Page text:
Can you relate to this scenario?
In today’s information age, with the Internet-educated consumer, it has become even more critical that the successful HVAC contractor distance himself from the masses and continue to inform, educate, and create value for the client. The first thing all contractors can do is start by repeating 10 times slowly out loud: “It’s not about the box.”
Develop a Different Relationship
Depending on where you live, almost any Joe with a bag of tools and means to arrive at a customer’s house can label himself an HVAC specialist. This is not what any of us want our industry to look like. No matter how much time the customer spends surfing Internet HVAC chat rooms or do-it-yourself websites, no amount of best-price furnace searches will help a customer differentiate multiple furnace bids from multiple companies.
It’s the HVAC contractor’s responsibility to develop a relationship, earn trust, and ask the appropriate questions to ensure clients are receiving the options they actually want, not just a new box that distributes hot and cold air.
Wikipedia defines a client as a person who receives help or advice from a professional person. The successful HVAC contractor is the mentioned professional person and the customer that invites the contractor into the home is the client. Contractors must respect this privilege and honor clients by determining what they actually want before sharing any re-
Ask the Right Questions
Picture yourself, on a beautiful, warm spring day as you and your special someone head to the local car dealership to check out your dream car. As you strut on up to the shiny new ride, you gaze through the window at the custom, six-way, power-heated leather seats and a full-surround stereo system with an advanced, heads-up display. You can almost feel the cool air from the precision air conditioning system rushing across your face as you imagine cruising along the winding Oceanside ride. Then you hear: “I think you two would look great in that new minivan across the lot,” as the salesman, offering a firm handshake and smile, abruptly breaks you away from your mental vacation.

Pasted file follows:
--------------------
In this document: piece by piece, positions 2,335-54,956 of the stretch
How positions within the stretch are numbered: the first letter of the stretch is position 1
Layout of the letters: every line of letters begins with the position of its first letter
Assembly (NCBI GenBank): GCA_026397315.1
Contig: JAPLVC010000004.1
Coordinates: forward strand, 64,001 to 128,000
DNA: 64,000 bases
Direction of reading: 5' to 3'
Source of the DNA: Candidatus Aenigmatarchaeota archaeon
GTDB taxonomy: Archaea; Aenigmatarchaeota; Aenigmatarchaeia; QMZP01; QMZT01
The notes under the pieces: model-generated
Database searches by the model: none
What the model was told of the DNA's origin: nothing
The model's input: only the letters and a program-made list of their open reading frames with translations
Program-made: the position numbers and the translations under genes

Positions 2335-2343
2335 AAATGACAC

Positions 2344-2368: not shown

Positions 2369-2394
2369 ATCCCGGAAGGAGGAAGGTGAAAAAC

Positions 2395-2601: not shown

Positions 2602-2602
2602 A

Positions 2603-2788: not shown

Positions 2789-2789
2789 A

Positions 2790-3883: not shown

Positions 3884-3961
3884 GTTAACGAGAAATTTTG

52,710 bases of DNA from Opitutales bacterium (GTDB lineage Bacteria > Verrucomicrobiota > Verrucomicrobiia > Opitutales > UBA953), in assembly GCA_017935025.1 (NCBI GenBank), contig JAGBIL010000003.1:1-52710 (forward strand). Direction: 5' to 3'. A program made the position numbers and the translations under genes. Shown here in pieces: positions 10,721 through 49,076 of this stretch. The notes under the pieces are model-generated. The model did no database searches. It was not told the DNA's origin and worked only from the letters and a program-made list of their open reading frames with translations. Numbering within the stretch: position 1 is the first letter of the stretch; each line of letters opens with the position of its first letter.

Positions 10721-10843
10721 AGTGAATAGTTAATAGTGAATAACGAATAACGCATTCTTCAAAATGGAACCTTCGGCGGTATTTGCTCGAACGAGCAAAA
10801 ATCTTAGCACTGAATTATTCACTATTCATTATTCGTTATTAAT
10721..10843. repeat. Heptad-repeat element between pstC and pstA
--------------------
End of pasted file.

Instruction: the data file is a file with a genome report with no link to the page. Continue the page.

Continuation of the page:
What was the biggest mistake the salesman just made?
Did he ever ask what you, the customer, wanted?
How does he know you are better suited for a minivan?
A smart salesman would never steer you away from your dream car, and he would never judge what you can or cannot afford.
Now ask yourself, how many of you — and let’s be honest — have walked into a customer’s home, looked around, checked over the existing furnace, and quoted a mid-efficient box to replace the existing low-efficient box. All of you? Shame on us. Repeat after me — it’s not about the box.
Maybe they wanted the HEPA filter and a touchscreen thermostat with 98 percent modulating furnace complete with UV air purification. We don’t know unless we ask.
Without asking, we provided the customer with a piece of paper no different than the same piece of paper every contractor has left with them. We gave them what we thought they wanted and what we felt was best for them, but had no idea what they wanted, what they can afford, or what was truly best for them because we never asked.
Develop a relationship with your clients, earn their trust, and ask specific questions to determine what they want. Then you will begin to provide the service requested when you are invited into their homes.
Treat new clients with the same respect you’d expect your mother to be treated with and you’ll close more sales with higher margins. You’ll be better serving them while distancing yourself from the competition. Repeat after me — it’s not about the box.
Publication date: 5/14/2012